Saturday, May 23, 2009

Grief is Necessary

It’s not just okay to mourn, it is essential to grieve losses in order to heal from abuse. Loss is huge when another has violated you with their actions and words.

Not that we are likely to grieve abuse right away. Many of us are so traumatized by abuse that it takes years to acknowledge what happened and then it may take even more years before we are willing to examine how the attacks against our dignity affected us. It is amazing how long we can put off healthy grieving—but we cannot put it off forever.

It reminds me of the holes I used to dig just outside of the water’s edge as the ocean’s tide was coming in. I’d dig a hole quickly and deeply and then wait for the waves to reach my hole. A little would go in with one wave and then a little more a few waves later. Each wave would lap into or over my hole and then recede away, but each time a little water was collected into the hole. Eventually there was so much water in the hole that it would spill over. A short while later, the waves were hitting with more force as they advanced up the sand and my hole would grow less and less distinct as it was filled and dragged with pounding surf.

We can be like the holes I dug, receptacles for the waves that are our pain and defilement. It can fill a bit at a time, until the day when the pain is just too big and it begins to spill out, whether we want it to or not. If we keep stuffing the pain back in, we become less and less distinct, losing all sense of ourselves as individuals. The pain engulfs us and we get pounded and dragged, pounded and dragged.

Grief can be delayed and buried, but it will rise to the surface eventually, demanding attention. The good news is that when the pain is faced and dealt with, it becomes smaller and smaller and we become more and more free to move forward with our lives.


Anonymous said...

Grief when faced can be very liberating. A few years ago I had a conversation with my brother over what had happened in our home when we were kids. And I will never forget what he said to me. He said. "how can you not still be angry about it." For him, he could not understand how I could go on with no anger or resentment over what happened. He is still a very angry man over all of this. I was able to go through the grieving. I think most people think of grieving as something you only do when someone dies, but it doesn't feel much different to me when you are grieving over the loss of a childhood, an absent parent, or the breakup of a marriage. I am glad I grieved for them all. I am glad my life is not ruled by bitterness and anger. That is a prison that I do not wish to be in. And for me, forgiveness came after the grief had been acknowledge.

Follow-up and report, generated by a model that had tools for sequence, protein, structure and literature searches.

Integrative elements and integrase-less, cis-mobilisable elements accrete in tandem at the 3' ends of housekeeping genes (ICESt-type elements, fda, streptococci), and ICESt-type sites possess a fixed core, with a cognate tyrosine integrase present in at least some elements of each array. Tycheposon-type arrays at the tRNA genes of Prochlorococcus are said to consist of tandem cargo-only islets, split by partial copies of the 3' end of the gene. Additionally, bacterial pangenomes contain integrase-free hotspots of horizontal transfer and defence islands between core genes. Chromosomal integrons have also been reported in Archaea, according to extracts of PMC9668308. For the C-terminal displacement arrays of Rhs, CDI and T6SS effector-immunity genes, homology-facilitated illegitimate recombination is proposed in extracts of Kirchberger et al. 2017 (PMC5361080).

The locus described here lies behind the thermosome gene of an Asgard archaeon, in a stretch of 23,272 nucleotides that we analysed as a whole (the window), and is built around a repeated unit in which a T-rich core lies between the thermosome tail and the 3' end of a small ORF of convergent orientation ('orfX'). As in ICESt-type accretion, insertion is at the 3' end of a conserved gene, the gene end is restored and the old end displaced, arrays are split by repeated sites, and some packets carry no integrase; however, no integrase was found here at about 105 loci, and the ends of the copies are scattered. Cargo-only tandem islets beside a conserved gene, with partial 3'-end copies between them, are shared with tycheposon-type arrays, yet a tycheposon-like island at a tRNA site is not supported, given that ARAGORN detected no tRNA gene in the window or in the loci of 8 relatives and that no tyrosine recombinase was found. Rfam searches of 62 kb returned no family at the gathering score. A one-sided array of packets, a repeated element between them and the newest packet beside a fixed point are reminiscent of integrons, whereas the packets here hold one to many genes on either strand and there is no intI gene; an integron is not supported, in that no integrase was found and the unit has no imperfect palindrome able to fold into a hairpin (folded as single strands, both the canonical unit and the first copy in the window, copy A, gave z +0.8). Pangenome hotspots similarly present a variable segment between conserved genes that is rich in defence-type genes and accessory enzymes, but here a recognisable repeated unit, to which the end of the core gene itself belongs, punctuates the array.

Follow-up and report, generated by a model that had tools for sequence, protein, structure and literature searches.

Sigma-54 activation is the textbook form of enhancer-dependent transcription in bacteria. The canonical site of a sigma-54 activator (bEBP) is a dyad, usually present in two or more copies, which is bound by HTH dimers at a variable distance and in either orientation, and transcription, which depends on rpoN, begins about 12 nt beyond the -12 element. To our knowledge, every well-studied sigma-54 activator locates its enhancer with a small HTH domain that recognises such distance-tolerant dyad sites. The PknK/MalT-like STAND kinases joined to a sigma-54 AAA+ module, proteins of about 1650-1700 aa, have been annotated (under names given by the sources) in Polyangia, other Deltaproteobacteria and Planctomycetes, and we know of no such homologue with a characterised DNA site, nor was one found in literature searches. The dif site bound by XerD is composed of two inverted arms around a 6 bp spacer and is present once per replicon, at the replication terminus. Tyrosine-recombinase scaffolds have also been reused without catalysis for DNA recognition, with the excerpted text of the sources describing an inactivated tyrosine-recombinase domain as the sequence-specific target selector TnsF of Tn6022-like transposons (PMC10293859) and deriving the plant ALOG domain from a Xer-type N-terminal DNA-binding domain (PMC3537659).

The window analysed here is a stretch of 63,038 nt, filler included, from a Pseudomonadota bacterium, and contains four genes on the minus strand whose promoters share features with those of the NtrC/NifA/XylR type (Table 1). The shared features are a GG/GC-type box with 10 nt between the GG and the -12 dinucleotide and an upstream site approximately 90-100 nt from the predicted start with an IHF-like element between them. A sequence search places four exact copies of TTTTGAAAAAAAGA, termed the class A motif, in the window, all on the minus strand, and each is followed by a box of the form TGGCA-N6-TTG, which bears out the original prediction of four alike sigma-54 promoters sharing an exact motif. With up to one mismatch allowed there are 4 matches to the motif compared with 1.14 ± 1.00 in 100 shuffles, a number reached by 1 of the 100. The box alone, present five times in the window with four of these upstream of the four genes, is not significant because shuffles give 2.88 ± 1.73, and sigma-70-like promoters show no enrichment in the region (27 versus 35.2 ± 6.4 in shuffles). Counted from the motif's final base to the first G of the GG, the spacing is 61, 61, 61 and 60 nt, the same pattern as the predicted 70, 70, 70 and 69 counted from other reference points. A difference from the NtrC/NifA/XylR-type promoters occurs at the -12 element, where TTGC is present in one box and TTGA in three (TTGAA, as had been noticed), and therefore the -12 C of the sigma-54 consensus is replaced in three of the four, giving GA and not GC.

Tanya T. Warrington said...

Hi Jamey,

I agree that dealing with the full spectrum of emotions with grief does allow us to release things such as anger. We don't have to hold onto an emotion to validate it--if we have validated it through the grief process.

Good job grieving over your losses!

Jan Parrish said...

I recently watched the TD Jakes movie, "Not Easily Broken." The MIL is a great example of what bitterness can do to a person. Holding onto anger and bitterness spills over into all area's until you can't even think straight.

For many years I hated all men, with a handful of exceptions. I was stuffing and blaming all males for my abuse.

Slowly but surely, God pulled me back, but not before the anger and bitterness spilled out onto all area's of my life. What a heavy burden to bear.

Now I am free and so much lighter! Praise God for taking my anger and burdens. I no longer need to hang onto them and carry them.

Don't stuff! It will eventually come out - and most likely be at the worst possible moment.

Tanya T. Warrington said...

I love your additions to this topic, Jan. Buried anger and resentments are such a heavy burden! I will look into the movie that you mentioned. Movies and novels can so powerfully teach us about truths.

I too was weighed down by resentment, toward others and toward myself. I had a very blaming and critical spirit toward myself for things that were actually out of my control. It was easier to harass and belittle myself than to honestly look at how others had sinned against me. And when looking with sideways glances at the abuse incidents, it was easier to resent vaguely than to concretely name what happened and walk through a forgiveness and healing process.

Praise God! He changed all that. I cried out for His help and He freed me one step at a time. He helped me to face reality and to forgive in Him. He freed me from suffocating burdens!

I praise God, too, for your story of rescue and grace, Jan! Our Lord sets prisoners free--we know it first hand. It makes me want to sing and dance with joy!

Recommended Books

  • 10 Lifesaving Principles for Women in Difficult Marriages by Karla Downing
  • A Way of Hope by Leslie J. Barner
  • Angry Men and the Women Who Love Them by Paul Hegstrom
  • Battered But Not Broken by Patricia Riddle Gaddis
  • Boundaries by Dr. Henry Cloud and Dr. John Townsend
  • Bradshaw on the Family by John Bradshaw
  • Caring Enough to Forgive/Not Forgive by David Augsburger
  • Codependent No More by Melody Beattie
  • Healing the Wounded Heart by Dr. Dan B. Allendar
  • Keeping the Faith: Questions and Answers for the Abused Woman by Marie M. Fortune
  • Perfect Daughters by Robert J. Ackerman, Ph.D.
  • Recovery: A Guide for Adult Children of Alcoholics by Herbert L. Gravitz and Julie D. Bowden
  • Safe People by Dr Henry Cloud and Dr. John Townsend
  • Slay Your Own Dragons by Nancy Good
  • The Cinderella Syndrome by Lee Ezell
  • The Dance of Anger by Harriet Goldhor Lerner, Ph.D.
  • The Search for Significance by Robert S. McGee
  • Turning Fear to Hope by Holly Wagner Green
  • When Violence Comes Home: Help for Victims of Spouse Abuse by Tim Jackson and Jeff Olson
  • Why Does He Do That? by Lundy Bancroft